Chapter 23 solar regulations approved by board

Published on May 25, 2021


To bring clarity to solar designations in unincorporated Weld County, the Board of Commissioners approved Chapter 23 zoning code changes this week. Since December 2020, changes were discussed in various meetings with energy and agricultural industry stakeholders before the board approved the changes after a three-reading process.

“These changes help promote economic development in Weld County. Landowners can now further develop properties and businesses in the county with the help of solar,” said Weld County Commissioner Chair Steve Moreno.

Changes to the code eliminate small and medium scale solar facilities from Chapter 23 Zoning and large scale solar facilities from Chapter 21. These changes shift the definition of a solar energy facility to encompass a commercial facility whose primary purpose is to supply electricity and consists of one or more solar arrays and other accessory structures and equipment, including substations, switchyards, battery storage, electrical infrastructure, generators, transmission lines, communications infrastructure and other appurtenant structures and/or facilities.

Specific changes regarding solar in Chapter 23 include:

  • Solar energy facilities located on five acres or less require a zoning permit, which is processed administratively. Only one solar facility can be located on a 35-acre parcel and cannot be adjacent to another.
  • Solar energy facilities that are between five and 160 acres near an urban area or between five and 320 acres in an ag/rural area require a Use by Special Review (USR) permit.
  • Solar energy facilities more than 160 acres near an urban area or more than 320 acres in the ag/rural area require a 1041 permit.

Both USR and 1041 permits require Planning Commission and Board of County Commissioner review and approval.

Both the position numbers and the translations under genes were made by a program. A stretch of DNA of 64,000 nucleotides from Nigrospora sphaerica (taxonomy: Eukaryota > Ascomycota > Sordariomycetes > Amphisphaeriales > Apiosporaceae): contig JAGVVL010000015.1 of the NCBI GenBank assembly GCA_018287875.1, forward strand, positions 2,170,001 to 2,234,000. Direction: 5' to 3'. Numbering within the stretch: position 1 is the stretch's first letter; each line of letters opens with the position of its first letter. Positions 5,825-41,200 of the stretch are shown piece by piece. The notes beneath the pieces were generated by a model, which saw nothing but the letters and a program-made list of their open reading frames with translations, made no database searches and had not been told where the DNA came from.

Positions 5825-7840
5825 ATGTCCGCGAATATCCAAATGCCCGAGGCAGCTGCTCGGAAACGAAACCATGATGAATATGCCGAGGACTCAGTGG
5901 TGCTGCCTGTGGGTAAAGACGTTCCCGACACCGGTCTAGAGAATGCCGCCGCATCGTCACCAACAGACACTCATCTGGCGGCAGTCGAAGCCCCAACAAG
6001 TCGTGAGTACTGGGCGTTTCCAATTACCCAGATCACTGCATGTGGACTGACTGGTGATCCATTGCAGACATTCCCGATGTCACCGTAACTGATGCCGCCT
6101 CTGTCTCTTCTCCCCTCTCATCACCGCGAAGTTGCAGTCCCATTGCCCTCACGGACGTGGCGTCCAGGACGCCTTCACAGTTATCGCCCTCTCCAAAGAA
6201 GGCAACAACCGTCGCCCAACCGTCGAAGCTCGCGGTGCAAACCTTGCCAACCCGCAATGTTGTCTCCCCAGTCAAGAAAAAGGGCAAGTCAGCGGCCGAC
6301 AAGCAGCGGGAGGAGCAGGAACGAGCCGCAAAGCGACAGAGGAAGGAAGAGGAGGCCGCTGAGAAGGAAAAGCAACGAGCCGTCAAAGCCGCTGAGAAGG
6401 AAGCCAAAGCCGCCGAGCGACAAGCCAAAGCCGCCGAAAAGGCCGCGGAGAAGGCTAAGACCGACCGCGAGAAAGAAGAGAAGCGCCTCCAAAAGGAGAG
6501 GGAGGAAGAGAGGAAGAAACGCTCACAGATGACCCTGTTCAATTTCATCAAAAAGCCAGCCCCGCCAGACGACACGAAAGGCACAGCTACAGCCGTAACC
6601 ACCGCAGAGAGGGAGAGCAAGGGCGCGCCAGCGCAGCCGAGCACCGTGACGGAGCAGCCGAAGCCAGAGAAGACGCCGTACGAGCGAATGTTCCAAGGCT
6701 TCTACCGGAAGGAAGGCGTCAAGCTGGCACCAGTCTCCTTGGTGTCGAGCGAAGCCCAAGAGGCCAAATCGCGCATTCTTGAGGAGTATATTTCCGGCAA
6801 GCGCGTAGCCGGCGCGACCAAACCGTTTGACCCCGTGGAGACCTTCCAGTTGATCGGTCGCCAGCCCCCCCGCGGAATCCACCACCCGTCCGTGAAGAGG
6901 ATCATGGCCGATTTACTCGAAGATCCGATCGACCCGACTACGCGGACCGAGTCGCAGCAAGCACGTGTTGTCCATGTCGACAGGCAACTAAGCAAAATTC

Changes outlined in Chapter 23 also help further the goals of the county’s comprehensive plan in that facilities must be compatible with future development and developers need to explain how prime agricultural land, neighbors and the county as a whole will be protected if a facility is located in the agricultural zone. All solar facilities must adhere to a setback requirement of 500-feet from an existing residential building and planned development areas. The overall definition of a solar energy facility does not include roof and/or ground mounted solar systems located on homes or other structures.

“We wanted energy and agricultural industry representatives to have a voice in this process due to concerns raised last fall about solar developers evading subdivision regulations,” said Department of Planning Services Director Tom Parko. “We’ve adjusted the way we’ve thought about solar energy facilities and certain designations due to stakeholder input over the past six months, and I think we’re in a great spot now to move this designation forward and implement these facilities.”

A separate ordinance for Chapter 21 1041 solar energy facilities will come before the board on June 14.

View the approved code changes by going to, acknowledge the disclaimer, then type 20211373 in the Doc# field for Chapter 23 amendments.

To learn more about the Department of Planning Services, visit


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